(On a side note, the second article also mentioned in passing that greater broadband access would “promote social inclusion”. I guess we might have to wait for someone to write about what Web 2.0 denizens already understand.)

What matters to me obviously is technology in education. I champion mobile and Web 2.0 technologies because I think that they are key tools for promoting more relevant forms of teaching and learning. They can shift the power of learning to students because they get information for themselves, learn from anyone from any part of the world, and ultimately learn to think for themselves. Learning takes place any place, any time and in any way.

So when opportunities arise, I urge the school personnel that I meet to set up wireless access and to buy netbooks for students instead of refreshing the computers in labs. When I meet industry representatives who tout netbooks or mobile Internet access, I try to convince them to collaborate with schools.

But I swim against the current. I see companies and schools (and, unfortunately, some of my colleagues) pushing things like Interactive White Boards (IWBs) and outdated Learning Management Systems (LMS). IWBs keep technology largely in the hands of teachers and promote teacher-centric pedagogy. LMS are more often about control than about creativity, communication, collaboration and critical thinking. Both IWBs and LMS are money spinners for the companies that sell them, but they are outdated technologies as far as progressive education is concerned.

Not only should teachers be putting relevant and relatively-cheap-yet-powerful technologies in the hands of students, they should be practising more student-centred pedagogies. They should be modelling and imparting 21st century skills and values instead of beating the 19th century education horse to death.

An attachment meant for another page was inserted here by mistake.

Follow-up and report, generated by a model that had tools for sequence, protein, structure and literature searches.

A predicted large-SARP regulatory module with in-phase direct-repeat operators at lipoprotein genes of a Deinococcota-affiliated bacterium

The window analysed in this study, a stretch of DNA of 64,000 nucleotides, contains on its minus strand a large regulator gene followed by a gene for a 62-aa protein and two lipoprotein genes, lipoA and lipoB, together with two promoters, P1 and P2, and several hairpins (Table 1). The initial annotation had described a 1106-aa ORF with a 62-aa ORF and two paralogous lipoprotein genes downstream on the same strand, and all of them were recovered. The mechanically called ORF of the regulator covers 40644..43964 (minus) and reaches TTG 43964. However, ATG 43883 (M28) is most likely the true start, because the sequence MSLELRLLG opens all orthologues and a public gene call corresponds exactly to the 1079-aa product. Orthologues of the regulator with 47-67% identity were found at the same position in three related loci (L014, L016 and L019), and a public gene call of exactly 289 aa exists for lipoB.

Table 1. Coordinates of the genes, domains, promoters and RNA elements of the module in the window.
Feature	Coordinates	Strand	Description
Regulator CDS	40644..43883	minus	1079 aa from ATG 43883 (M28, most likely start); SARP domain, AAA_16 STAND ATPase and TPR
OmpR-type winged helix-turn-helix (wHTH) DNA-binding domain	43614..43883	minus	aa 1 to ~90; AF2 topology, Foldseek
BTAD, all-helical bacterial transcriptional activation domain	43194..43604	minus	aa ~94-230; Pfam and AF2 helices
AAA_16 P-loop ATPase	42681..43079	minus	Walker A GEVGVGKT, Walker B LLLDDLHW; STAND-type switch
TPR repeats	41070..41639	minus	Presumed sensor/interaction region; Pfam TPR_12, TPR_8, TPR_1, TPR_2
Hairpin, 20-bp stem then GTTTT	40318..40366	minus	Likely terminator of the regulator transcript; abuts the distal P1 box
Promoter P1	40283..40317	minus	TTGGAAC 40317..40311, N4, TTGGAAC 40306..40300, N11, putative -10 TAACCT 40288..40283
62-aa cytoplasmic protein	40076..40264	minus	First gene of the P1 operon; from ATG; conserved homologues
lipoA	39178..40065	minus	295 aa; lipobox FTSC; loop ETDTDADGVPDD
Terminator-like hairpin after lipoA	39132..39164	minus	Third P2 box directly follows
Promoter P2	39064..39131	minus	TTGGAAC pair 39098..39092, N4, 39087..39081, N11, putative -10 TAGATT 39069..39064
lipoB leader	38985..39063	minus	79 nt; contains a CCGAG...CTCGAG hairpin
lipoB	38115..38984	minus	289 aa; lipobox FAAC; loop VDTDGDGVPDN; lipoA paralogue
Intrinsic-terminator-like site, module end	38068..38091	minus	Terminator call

But if they must use IWBs, then how might they use them regularly and meaningfully so that students learn real world collaboration skills? If LMS are heavily invested in schools, then how might they be integrated into everyday curriculum so that students learn to create and critique instead of learning merely to copy, and conform?

Don’t get me wrong. There is a place and time for didactic forms of teaching. But that place should not be everywhere and all the time and it certainly should not be the pedestal where it still rests. Just because you are talking does not mean that students are listening and learning!

Teachers should stop shifting the blame on why they don’t rely more on student-centred, technology-mediated pedagogies to a lack of time or a tight curriculum or the exam system. If they keep their students’ needs and futures in mind, all these obstacles become insignificant. Schools in Singapore have the money, the motivation and the means to make this happen. Are we going to let inertia and old mindsets hold us back?